Bandwidth Caps on Internet Usage - Time Warner, AT& T and Comcast seem to be leading the way.
Internet download caps - whether they be 5GB, or 20GB or 40GB could suck for you if you do a combination of a lot of the following:
- you're a MMO gamer, playing stuff like guild wars, world of warcraft etc
- you use your xbox, ps3 etc. online
- you stream free video from amazon, hulu, (on demand videos) etc
- you downloads lots of video (shows, anime not licensed yet) etc.
- you use youtube and other streaming sites a lot
- you stream shows from the official network sites
- multiple people in your household use the same internet connection
Way to shoot tech development in the foot guys. Not only does this hamper new internet services but the USA is even less likely to get faster internet, like various countries and regions in the world ALREADY enjoy.
And as video and gaming continues to improve (high def, better virtual reality environments etc.) usage is going nowhere but up. There are already plans for games that could take up to 2GB of bandwidth per HOUR of gameplay. And networks are finally realizing that officially streaming shows leads to increased marketshare that they can measure and track *headdesk repeatedly*
Talk about suckage. The last quote is a doozy btw:
“But some of it, I’m sure, is just that people don’t like change. I’m sure that the first people to buy early cars were angry when they introduced speed limits, too.”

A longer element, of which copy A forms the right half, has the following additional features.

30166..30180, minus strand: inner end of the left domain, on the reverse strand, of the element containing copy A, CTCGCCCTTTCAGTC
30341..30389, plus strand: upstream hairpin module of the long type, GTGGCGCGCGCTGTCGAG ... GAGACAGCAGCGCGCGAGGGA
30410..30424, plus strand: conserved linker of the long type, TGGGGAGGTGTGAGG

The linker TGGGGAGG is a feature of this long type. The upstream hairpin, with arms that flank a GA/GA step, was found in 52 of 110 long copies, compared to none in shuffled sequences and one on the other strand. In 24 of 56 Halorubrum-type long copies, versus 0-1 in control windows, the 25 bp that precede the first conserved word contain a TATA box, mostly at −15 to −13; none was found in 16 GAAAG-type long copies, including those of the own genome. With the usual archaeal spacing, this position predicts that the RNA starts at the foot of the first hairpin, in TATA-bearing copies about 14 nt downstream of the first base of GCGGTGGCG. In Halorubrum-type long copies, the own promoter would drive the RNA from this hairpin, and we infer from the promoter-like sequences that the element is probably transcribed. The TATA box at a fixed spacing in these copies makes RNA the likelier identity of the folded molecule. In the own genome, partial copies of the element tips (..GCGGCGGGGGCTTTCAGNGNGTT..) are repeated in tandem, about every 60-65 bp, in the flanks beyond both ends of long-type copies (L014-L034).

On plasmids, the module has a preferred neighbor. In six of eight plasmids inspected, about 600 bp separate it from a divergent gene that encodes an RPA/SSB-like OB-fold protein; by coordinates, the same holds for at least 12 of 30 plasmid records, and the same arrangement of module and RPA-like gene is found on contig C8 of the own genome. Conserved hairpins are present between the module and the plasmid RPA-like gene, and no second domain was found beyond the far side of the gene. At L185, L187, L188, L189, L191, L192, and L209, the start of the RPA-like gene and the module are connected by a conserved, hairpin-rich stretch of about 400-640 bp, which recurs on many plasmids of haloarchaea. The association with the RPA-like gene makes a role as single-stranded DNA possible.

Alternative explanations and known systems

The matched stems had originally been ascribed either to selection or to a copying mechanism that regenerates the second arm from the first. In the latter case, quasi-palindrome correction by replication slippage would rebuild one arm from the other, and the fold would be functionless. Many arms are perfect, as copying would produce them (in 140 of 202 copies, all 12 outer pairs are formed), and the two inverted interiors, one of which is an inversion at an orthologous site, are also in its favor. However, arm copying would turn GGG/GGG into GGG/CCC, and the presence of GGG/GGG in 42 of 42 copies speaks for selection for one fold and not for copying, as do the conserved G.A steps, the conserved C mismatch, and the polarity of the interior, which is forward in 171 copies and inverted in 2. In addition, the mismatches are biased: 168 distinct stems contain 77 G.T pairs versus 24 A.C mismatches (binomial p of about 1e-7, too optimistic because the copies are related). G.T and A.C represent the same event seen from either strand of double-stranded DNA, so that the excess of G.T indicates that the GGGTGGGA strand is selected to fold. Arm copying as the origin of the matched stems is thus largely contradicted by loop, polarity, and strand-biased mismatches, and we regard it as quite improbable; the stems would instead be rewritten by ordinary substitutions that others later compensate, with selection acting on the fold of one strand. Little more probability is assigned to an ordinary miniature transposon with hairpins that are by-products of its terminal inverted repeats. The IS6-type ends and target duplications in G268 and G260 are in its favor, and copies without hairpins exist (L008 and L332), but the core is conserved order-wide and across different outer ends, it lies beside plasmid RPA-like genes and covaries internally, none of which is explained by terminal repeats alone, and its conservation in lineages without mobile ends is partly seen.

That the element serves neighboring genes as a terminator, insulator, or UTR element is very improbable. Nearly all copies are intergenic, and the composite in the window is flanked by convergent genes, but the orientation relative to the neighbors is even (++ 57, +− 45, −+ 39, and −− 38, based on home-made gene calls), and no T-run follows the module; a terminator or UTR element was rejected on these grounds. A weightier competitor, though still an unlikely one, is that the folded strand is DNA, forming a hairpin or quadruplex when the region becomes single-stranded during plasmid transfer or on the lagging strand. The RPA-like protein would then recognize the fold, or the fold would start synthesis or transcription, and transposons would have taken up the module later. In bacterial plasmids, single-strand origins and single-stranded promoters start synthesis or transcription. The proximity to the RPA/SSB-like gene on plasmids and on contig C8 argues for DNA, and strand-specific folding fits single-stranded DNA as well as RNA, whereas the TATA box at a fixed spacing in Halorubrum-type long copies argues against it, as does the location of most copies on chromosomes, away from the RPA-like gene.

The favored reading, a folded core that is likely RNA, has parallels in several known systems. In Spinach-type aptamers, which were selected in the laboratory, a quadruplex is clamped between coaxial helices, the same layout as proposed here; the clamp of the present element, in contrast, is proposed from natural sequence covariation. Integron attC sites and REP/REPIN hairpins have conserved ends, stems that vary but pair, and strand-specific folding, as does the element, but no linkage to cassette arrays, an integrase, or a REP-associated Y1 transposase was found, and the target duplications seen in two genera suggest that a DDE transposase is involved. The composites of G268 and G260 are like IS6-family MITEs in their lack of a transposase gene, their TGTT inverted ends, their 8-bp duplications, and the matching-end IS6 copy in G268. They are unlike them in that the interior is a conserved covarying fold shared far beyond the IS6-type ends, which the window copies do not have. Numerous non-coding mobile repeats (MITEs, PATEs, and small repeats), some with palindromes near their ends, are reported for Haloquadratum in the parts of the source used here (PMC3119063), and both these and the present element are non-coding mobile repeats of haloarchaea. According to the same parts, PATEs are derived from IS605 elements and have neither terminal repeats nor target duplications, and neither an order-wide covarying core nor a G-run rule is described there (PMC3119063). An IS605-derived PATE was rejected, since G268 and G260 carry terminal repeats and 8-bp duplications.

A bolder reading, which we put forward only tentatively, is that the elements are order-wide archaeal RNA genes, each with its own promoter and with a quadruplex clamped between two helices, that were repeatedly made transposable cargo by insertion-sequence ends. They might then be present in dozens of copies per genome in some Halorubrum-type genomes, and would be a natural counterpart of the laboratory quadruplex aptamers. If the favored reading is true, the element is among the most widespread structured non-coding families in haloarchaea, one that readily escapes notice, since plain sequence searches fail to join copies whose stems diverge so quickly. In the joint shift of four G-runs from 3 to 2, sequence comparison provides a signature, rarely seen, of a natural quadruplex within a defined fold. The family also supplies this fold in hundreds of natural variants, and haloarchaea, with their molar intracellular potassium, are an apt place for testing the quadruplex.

THESE IDIOTS ARE COMPARING SPEEDING TO INTERNET USE? WTF PEOPLE, WTF.
And Time Warner has a basic internet option at about $25 - with the new pricing and caps, people will have to pay $5 more AND get their bandwidths limited.
Plus a bit from a different article:
Charging per gigabyte is more forced migration than natural evolution -- the impetus originates with investors and executives who fear the impact Internet video will have on TV revenues. Imposing such low caps in the age of HD video -- and charging users $1-$5 per gigabyte for bandwidth that costs a carrier pennies -- is a money grab, and it's only made possible by a lack of sustained, viable competition and napping regulators.
While carriers correctly note there are obviously other costs beyond bandwidth that go into providing service -- those costs are more than covered by advertising, alternative revenue and the monthly charges customers are currently paying. Meanwhile, evidence suggests heavy users can be handled without resorting to metered billing by imposing a very high cap (like Comcast's 250GB cap in the States), and by nudging those users -- which carriers freely admit only make up a small fraction of their userbase -- onto a business-class of service.
As with Time Warner Cable yesterday, the argument that carriers don't make enough money under the existing flat-rate system to operate or support infrastructure upgrades is something simply not supported by the healthy profits clearly illustrated in earnings reports. Anybody bothered by the metered billing trend should be demanding hard numbers from any carrier boldly claiming that flat-rate pricing isn't a completely viable business model.